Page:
In 1951 Mankiewicz left Fox and moved to New York, intending to write for the Broadway stage. Although this dream never materialised, he continued to make films (both for his own production company Figaro and as a director-for-hire) that explored his favourite themes – the clash of aristocrat with commoner, life as performance and the clash between people's urge to control their fate and the contingencies of real life.[citation needed]

In 1953 he directed Julius Caesar for MGM, an adaptation of Shakespeare's play. It received widely favorable reviews, and David Shipman, in The Story of Cinema, described it as a "film of quiet excellence, faltering only in the later moments when budget restrictions hampered the handling of the battle sequences".[8] The film serves as the only record of Marlon Brando in a Shakespearean role; he played Mark Antony, and received an Oscar nomination for his performance.

In 1958 Mankiewicz directed The Quiet American, an adaptation of Graham Greene's 1955 novel about the seed of American military involvement in what would become the Vietnam War. Mankiewicz, under career pressure from the climate of anti-Communism and the Hollywood blacklist, distorted the message of Greene's book, changing major parts of the story to appeal to a nationalistic audience. A cautionary tale about America's blind support for "anti-Communists" was turned into, according to Greene, a "propaganda film for America".[9]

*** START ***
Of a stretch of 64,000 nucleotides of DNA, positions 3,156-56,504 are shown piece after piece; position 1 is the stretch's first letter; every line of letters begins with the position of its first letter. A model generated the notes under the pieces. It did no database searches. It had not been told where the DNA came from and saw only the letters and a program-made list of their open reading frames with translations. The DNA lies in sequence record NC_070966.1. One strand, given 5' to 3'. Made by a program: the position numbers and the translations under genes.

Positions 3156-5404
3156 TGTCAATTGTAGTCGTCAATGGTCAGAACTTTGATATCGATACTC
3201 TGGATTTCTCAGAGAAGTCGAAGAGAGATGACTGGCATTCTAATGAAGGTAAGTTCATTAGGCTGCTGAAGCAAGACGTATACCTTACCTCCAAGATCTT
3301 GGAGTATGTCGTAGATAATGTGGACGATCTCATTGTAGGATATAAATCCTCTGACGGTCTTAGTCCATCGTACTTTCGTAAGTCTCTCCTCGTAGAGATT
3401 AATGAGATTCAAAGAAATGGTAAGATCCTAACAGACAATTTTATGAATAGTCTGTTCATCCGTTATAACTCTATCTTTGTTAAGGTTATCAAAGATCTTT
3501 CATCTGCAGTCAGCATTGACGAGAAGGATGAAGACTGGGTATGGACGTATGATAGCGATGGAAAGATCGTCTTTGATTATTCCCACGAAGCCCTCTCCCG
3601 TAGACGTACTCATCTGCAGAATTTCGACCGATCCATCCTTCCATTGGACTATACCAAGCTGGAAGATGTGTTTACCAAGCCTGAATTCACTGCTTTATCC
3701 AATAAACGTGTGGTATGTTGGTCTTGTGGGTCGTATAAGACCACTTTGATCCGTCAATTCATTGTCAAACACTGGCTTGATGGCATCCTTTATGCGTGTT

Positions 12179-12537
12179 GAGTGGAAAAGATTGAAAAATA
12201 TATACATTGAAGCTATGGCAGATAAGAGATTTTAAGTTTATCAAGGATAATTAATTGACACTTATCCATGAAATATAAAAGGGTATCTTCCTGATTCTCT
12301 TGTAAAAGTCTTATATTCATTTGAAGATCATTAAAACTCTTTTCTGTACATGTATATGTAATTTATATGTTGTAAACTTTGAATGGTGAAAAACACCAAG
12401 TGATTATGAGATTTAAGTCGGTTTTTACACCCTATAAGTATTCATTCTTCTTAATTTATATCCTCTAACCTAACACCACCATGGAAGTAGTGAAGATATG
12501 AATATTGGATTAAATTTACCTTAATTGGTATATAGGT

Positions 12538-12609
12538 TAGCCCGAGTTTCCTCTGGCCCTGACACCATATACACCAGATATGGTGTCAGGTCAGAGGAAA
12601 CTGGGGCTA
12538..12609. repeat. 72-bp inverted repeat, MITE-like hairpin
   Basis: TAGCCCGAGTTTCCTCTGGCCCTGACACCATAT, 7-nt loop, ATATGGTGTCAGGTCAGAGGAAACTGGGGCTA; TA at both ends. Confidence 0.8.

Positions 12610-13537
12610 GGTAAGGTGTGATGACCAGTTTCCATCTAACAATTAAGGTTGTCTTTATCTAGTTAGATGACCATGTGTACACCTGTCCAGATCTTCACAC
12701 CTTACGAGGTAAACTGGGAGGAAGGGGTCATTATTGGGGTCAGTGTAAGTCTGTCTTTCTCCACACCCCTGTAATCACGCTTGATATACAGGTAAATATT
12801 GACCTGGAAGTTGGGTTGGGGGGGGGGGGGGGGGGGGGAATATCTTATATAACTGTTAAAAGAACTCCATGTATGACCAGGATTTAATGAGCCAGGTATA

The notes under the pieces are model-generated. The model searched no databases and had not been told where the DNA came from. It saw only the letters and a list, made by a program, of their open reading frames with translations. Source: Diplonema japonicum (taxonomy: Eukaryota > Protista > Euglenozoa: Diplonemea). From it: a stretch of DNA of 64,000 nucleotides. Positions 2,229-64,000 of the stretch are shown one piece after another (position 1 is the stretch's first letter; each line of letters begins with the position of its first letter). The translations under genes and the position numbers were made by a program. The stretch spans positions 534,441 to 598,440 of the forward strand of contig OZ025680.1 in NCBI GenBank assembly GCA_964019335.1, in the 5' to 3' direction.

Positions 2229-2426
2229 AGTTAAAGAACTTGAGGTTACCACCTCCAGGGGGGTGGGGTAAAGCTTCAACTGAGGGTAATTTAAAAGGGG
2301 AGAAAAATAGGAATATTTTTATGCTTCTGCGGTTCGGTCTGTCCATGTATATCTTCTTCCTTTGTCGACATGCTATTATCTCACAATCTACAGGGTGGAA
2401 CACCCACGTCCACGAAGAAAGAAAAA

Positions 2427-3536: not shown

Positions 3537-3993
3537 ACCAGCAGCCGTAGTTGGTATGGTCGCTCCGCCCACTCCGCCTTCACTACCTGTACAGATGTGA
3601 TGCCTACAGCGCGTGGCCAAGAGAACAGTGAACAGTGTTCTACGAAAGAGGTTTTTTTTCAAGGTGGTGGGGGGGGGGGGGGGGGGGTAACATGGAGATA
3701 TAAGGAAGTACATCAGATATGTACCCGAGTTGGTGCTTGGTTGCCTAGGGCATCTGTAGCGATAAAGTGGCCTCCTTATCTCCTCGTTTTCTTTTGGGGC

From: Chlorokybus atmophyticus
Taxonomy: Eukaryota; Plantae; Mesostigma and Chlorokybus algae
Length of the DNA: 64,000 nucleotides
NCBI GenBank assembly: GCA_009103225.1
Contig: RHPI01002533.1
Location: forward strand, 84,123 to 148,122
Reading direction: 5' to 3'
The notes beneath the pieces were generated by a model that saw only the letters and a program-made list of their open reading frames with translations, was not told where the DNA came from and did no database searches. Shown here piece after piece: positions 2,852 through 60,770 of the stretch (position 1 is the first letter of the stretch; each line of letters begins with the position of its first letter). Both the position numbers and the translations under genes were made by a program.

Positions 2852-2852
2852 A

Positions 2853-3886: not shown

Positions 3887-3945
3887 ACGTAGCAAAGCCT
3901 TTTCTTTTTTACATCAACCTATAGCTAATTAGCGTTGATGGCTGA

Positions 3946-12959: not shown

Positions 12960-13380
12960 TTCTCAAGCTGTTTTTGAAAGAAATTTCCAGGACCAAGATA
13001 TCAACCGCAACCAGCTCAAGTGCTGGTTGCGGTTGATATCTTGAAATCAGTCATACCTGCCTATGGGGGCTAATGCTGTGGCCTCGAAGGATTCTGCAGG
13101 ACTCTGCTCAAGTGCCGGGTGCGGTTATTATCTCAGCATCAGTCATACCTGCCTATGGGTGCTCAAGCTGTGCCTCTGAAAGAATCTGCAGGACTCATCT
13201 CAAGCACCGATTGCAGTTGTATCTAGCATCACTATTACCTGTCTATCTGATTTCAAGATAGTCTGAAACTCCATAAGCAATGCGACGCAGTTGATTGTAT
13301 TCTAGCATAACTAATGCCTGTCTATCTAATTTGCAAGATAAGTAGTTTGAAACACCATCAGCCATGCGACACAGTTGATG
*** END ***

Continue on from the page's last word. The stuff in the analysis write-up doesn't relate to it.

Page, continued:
Cleopatra consumed two years of Mankiewicz's life and ended up both derailing his career and causing extreme severe financial losses for the studio, Twentieth Century-Fox, which were not fully recovered until Rodgers and Hammerstein's immensely popular and acclaimed The Sound of Music was released two years later. Mankiewicz made more films, however, garnering an Oscar nomination for Best Direction in 1972 for Sleuth, his final directing effort, starring Laurence Olivier and Michael Caine. In 1983, he was a member of the jury at the 33rd Berlin International Film Festival.[10]

Family history[edit]

He was the younger brother of Herman J. Mankiewicz. His sons are Eric Reynal (from his first marriage), the late writer/director Tom Mankiewicz, and producer Christopher Mankiewicz. He also has a daughter, Alex Mankiewicz. His great-nephew is radio & television personality Ben Mankiewicz, who currently can be seen on TCM. He also was the uncle of Frank Mankiewicz, a well-known political campaign manager who officially announced the death of the assassinated presidential candidate, Robert F. Kennedy, in 1968. He was not related to the similar sounding British screenwriter, Wolf Mankowitz.

Death[edit]

Mankiewicz died of a heart attack on February 5, 1993, six days before his 84th birthday, and was interred in Saint Matthew's Episcopal Churchyard cemetery, Bedford, New York.[7]

Filmography[edit]

Director[edit]

YearTitleProduction companyCastNotes
1946Dragonwyck20th Century FoxGene Tierney / Vincent Price
BackfireRichard Conte / John Ireland